(photo from La collectionneuse (1967))
“Believing it almost a sin to buy something he could make himself, Sandy would drop anything he was involved in, no matter how important, and beat out a roasting pan for Louisa or fashion a large-capacity serving ladle or a sieve. This do-it-yourself dictum was undoubtedly a carryover from their earlier, leaner days, but it had become an obsession with Sandy.”
A creative artist of any kind—writer, painter, musician—needs two conditions met in his outer life to be productive for the long haul: a physical space in which to work that he doesn’t have to think about, that is as natural for him to get to and be in as a kitchen table, and, just as important, people around him who are dedicated to smoothing his way, who will see to it that the washing is done, that visitors are handled deftly.
Calder had both of these, for nearly his entire career. His homes, in Roxbury, Connecticut and in Saché, France, had multiple workshops and each shop had multiple stations where dozens (and ultimately thousands) of works—mobiles, stabiles, gouaches, jewelry, kitchen goods—lay scattered about, with their attendant tools, waiting for their creator’s hand to turn to them again. To the outsider it looked like a sparkling chaos, but to Sandy it was like working in his own projected brain, with nearly finished thoughts readily at hand.
And for smoothing his way, Calder had Louisa.
(my father wanted to name me Louise.)
(text from here)
(and something for the cold)
“There exists a sweet spot between chaos and order, gas and crystal, wild and tame. In that spot lies the powerfully creative force of self-organization (aka “order for free”) where we organize based on our strengths. In a polyculture (of more than one love) we breed not just one crop, but all the difficulties and joys that come with multiple crops. Seek that sweet spot where all of our abilities to perform, or even exceed performance, flourish next to each other.”
(i’m so happy you’ve returned to the garden. via wit*ness.)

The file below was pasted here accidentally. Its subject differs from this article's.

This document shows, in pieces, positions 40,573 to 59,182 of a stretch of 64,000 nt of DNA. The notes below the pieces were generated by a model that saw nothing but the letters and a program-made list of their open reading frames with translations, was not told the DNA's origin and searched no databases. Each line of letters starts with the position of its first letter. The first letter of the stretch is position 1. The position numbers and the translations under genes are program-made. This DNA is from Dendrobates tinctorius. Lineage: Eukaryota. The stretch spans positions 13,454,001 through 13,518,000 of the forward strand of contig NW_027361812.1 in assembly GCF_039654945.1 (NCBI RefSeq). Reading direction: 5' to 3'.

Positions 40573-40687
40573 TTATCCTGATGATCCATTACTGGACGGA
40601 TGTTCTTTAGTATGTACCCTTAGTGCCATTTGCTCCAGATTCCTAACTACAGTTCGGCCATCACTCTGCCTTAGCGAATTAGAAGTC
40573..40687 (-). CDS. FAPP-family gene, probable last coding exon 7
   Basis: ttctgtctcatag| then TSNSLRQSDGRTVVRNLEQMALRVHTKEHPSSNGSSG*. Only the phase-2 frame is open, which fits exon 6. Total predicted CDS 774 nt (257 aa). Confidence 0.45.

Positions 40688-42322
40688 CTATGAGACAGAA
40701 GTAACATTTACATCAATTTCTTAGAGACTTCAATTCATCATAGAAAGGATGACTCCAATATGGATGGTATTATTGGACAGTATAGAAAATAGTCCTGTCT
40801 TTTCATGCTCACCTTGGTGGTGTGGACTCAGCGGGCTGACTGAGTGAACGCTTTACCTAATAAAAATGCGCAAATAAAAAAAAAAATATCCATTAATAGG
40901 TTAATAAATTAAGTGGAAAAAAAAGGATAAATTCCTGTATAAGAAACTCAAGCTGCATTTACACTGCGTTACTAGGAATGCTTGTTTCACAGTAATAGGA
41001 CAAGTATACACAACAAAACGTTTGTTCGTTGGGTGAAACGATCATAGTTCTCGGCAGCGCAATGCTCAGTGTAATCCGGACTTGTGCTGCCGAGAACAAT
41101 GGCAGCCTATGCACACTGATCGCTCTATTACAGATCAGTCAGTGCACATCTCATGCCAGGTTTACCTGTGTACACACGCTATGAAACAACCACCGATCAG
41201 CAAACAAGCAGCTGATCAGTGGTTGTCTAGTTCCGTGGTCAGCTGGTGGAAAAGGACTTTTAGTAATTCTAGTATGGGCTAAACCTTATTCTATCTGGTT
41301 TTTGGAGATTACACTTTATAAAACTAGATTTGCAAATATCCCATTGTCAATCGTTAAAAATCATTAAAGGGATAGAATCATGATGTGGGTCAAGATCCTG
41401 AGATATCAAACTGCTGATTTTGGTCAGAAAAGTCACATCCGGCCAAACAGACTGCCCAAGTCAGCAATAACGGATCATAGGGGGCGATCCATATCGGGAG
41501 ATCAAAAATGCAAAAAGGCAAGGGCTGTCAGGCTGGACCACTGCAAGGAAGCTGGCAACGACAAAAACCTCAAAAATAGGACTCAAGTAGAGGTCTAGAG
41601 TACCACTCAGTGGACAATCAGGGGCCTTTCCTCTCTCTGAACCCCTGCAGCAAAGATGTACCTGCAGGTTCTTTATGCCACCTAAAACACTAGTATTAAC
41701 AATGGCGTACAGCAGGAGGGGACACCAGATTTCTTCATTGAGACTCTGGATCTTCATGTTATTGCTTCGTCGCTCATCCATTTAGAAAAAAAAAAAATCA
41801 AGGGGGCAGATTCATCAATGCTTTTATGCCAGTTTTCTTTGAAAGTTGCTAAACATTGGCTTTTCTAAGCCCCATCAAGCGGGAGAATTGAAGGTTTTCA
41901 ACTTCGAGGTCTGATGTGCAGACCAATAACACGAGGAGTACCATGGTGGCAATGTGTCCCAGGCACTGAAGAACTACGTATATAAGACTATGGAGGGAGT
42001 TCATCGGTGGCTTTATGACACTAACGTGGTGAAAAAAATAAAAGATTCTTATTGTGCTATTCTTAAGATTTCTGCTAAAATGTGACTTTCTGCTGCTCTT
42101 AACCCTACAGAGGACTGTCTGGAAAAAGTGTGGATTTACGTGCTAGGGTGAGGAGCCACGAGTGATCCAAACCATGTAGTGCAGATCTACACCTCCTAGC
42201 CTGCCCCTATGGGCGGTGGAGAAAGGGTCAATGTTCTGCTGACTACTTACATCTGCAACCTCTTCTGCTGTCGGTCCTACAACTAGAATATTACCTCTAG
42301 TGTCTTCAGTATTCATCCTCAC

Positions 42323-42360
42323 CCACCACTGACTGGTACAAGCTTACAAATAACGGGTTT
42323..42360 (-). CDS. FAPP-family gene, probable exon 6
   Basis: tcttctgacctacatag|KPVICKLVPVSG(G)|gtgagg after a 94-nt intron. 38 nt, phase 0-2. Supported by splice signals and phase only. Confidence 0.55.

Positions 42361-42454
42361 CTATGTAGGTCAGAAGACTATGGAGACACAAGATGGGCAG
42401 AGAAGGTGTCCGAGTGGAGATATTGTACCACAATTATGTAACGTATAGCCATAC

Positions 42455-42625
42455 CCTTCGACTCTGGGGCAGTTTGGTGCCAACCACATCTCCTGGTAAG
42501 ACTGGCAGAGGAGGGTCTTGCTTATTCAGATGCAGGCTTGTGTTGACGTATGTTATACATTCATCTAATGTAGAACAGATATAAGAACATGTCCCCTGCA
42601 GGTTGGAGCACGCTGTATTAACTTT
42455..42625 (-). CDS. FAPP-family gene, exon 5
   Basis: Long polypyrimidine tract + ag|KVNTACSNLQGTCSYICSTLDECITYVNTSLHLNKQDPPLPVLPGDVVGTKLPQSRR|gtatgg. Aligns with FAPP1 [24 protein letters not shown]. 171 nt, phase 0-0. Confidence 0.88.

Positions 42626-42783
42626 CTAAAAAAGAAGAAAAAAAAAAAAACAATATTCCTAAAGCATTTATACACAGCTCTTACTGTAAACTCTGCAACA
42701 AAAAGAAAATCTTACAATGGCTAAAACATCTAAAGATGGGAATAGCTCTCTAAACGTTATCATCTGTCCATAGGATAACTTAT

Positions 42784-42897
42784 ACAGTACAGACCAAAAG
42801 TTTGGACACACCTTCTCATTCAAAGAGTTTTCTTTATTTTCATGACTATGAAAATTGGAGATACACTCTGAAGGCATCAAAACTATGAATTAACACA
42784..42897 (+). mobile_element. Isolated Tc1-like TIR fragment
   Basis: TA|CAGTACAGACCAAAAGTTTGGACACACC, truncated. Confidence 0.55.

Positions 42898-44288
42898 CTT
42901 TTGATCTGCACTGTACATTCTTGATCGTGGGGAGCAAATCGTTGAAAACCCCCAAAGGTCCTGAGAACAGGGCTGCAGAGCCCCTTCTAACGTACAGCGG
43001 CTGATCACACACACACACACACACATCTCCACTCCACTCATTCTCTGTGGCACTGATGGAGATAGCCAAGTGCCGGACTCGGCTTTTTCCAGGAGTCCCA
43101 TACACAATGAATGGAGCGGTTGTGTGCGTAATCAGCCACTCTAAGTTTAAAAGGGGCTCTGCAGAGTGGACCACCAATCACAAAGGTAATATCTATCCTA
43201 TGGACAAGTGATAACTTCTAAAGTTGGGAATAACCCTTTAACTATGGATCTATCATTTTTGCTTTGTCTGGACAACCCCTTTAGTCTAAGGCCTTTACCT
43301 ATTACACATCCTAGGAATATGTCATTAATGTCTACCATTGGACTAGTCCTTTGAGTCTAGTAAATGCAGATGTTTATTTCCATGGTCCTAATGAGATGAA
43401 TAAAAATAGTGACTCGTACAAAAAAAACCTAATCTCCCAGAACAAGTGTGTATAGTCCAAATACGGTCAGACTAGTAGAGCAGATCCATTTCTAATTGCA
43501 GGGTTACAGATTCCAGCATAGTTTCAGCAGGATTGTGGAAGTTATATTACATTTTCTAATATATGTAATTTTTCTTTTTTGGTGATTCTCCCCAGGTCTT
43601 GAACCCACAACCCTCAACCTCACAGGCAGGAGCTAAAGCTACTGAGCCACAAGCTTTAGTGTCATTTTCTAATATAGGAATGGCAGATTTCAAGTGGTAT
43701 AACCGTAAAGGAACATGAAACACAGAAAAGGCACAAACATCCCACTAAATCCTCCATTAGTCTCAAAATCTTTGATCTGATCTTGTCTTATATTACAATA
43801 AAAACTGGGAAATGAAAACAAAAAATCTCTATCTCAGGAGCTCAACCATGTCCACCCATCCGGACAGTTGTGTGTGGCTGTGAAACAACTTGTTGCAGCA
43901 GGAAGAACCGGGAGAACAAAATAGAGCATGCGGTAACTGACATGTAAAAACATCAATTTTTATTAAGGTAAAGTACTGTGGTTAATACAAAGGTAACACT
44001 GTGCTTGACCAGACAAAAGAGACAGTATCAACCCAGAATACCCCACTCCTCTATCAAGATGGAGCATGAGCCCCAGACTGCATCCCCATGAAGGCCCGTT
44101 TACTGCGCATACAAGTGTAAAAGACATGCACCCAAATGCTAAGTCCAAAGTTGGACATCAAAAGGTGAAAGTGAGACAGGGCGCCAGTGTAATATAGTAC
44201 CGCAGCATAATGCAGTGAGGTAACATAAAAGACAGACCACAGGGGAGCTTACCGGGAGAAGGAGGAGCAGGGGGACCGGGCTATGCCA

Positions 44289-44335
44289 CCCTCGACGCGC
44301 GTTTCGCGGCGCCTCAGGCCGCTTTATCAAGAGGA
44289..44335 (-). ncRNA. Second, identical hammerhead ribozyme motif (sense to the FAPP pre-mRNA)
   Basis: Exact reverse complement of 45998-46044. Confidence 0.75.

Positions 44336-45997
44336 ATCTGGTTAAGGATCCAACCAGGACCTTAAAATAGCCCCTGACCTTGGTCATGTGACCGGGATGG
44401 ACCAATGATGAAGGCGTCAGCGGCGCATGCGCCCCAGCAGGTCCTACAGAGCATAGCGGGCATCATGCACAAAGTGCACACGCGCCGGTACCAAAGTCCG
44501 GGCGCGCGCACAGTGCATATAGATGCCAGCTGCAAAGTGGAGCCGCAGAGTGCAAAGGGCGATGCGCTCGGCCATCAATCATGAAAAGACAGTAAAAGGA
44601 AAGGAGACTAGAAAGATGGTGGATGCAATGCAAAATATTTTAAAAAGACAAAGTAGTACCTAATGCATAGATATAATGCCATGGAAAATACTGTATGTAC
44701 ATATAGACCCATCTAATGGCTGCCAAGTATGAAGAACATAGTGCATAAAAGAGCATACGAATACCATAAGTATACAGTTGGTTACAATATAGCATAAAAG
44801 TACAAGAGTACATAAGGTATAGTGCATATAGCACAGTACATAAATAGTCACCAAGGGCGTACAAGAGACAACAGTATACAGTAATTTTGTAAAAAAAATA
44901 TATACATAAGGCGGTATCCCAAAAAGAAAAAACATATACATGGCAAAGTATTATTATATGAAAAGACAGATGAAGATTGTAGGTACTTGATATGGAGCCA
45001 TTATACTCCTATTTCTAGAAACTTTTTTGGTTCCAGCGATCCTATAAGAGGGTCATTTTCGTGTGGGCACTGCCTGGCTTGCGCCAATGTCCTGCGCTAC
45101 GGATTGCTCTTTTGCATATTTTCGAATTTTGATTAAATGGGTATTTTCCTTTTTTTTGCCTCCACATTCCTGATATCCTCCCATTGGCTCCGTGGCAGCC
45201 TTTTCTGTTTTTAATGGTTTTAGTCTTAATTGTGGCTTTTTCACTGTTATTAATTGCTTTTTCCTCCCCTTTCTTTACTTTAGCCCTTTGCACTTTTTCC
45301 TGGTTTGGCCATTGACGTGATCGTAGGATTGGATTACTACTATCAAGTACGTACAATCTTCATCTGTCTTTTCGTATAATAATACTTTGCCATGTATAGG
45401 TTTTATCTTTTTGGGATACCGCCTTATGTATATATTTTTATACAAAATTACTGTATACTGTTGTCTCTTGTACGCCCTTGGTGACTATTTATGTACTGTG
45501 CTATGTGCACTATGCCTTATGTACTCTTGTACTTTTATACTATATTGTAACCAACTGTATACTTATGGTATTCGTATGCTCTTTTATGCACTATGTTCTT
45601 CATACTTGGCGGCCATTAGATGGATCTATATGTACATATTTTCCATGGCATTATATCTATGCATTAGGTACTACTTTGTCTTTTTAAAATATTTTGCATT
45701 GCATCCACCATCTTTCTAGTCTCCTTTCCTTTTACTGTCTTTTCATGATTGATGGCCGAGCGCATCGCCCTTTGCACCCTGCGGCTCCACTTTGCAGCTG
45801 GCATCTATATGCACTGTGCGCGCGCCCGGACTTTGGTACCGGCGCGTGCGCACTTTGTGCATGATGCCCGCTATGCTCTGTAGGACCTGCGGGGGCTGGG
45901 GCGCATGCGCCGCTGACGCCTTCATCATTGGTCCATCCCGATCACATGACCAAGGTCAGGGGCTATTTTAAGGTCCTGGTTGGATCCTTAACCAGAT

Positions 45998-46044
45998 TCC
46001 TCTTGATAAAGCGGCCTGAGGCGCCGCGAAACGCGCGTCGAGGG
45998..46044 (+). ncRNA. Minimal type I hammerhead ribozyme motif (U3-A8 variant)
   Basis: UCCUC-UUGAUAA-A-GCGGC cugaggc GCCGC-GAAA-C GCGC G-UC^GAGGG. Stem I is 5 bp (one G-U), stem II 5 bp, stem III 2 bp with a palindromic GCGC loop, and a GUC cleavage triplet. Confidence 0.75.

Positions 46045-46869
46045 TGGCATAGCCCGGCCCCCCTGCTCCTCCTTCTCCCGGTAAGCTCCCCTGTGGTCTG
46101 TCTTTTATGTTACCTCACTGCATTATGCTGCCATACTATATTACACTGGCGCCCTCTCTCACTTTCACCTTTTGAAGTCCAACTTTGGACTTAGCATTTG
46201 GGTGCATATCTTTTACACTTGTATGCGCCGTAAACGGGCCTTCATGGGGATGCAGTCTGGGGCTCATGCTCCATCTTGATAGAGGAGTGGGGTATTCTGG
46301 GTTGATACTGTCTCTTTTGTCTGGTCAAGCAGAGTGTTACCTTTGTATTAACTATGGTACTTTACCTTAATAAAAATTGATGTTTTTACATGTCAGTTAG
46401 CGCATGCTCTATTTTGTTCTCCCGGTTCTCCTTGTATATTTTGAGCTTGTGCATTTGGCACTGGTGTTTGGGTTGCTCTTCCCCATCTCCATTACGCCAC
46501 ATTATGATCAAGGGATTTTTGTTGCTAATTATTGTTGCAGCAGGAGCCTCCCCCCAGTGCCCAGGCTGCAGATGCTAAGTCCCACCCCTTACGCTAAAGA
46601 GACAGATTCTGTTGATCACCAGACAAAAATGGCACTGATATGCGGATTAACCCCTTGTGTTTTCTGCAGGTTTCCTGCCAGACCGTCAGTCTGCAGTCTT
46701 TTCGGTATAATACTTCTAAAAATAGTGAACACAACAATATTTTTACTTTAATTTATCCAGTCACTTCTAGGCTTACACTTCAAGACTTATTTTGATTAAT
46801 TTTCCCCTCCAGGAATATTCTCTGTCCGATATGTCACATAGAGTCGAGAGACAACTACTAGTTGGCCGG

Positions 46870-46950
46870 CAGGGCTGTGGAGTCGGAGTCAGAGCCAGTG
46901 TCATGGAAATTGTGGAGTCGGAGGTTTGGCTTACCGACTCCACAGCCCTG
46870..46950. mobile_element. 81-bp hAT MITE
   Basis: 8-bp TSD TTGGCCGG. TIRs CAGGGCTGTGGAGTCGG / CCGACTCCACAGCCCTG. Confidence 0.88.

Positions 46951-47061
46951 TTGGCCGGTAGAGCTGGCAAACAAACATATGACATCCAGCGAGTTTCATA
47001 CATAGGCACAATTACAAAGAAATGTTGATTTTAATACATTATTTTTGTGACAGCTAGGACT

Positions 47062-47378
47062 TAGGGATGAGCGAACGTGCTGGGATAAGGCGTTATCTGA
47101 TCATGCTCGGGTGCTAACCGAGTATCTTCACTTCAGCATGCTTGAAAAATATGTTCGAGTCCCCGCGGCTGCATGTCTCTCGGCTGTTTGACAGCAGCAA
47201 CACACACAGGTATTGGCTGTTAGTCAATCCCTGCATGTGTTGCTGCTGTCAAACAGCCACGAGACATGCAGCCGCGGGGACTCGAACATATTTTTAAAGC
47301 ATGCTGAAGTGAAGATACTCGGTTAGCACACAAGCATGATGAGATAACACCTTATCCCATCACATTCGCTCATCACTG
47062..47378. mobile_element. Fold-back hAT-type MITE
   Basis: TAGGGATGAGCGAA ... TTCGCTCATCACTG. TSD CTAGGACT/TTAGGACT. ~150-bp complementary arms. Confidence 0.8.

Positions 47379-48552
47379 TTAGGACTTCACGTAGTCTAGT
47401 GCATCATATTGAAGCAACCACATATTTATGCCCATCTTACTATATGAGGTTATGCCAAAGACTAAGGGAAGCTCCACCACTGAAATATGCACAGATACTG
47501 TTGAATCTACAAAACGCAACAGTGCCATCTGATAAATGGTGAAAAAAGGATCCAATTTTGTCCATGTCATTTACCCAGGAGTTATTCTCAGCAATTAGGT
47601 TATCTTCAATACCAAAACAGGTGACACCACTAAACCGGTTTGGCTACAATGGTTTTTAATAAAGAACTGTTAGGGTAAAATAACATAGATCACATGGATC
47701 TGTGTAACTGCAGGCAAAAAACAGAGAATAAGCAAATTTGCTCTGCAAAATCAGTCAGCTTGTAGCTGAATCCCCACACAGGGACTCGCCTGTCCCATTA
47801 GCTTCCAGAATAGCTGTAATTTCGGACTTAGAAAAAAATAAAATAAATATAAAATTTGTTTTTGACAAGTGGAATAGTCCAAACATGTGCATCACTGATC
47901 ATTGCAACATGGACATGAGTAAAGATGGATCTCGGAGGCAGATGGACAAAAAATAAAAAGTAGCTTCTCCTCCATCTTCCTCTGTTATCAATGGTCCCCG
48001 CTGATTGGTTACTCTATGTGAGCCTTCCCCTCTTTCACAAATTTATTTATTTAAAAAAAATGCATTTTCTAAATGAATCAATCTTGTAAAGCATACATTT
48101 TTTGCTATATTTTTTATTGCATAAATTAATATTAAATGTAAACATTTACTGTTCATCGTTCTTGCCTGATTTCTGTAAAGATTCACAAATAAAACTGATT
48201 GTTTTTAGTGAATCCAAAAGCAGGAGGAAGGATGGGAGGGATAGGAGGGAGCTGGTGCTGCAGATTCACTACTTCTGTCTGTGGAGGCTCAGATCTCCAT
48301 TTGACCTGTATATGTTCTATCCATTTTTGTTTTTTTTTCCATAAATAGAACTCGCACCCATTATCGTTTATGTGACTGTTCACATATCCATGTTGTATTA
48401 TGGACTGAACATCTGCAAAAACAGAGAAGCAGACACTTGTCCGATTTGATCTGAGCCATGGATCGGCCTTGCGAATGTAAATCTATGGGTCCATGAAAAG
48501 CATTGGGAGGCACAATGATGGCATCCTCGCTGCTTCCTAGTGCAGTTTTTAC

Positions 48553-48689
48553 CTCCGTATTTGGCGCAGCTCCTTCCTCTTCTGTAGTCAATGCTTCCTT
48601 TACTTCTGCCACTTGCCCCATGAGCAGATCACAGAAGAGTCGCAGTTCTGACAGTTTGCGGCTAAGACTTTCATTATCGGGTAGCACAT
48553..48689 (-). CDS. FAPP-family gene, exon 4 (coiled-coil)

For a while she had a tiny allowance from her father, but that ended with his first visit, when he saw her wearing a dress she had painstakingly copied from a Manet picture. “You look like a prostitute in that dress,” he told her. “I could never accept anything from someone capable of thinking so,” Gwen blazed back.
(painting: Édouard Manet, Woman with Fans)
“I brought you some shrimps, Calixta,” offered Bobinôt, hauling the can from his ample side pocket and laying it on the table.
“Shrimps! Oh, Bobinôt! you too good fo’ anything!” and she gave him a smacking kiss on the cheek that resounded, “J’vous réponds, we’ll have a feas’ to-night! umph-umph!”
(photo from here)
Fill a jar with fresh lavender flowers. When it is full knock the jar against your hand to get the blossoms to pack in tighter and fill the jar the rest of the way.
When the jar is full add your oil mixture. You can use any high quality oil. I like to use a mixture of olive oil, grapeseed oil, and almond oil. Another good oil is avocado oil. You don’t have to use a mixture, but I like to.
Fill with oil until all the blossoms are covered. Put a lid on and leave in sunny place for 1- 1.5 YEARS. You could leave it for 6 months it just won’t be as potent.
When a year has passes strain the blossoms out of the oil and put the oil in glass jars or bottles. You can use it as a body oil, make lotions with it, add it to bath crystals or whatever else you can think of.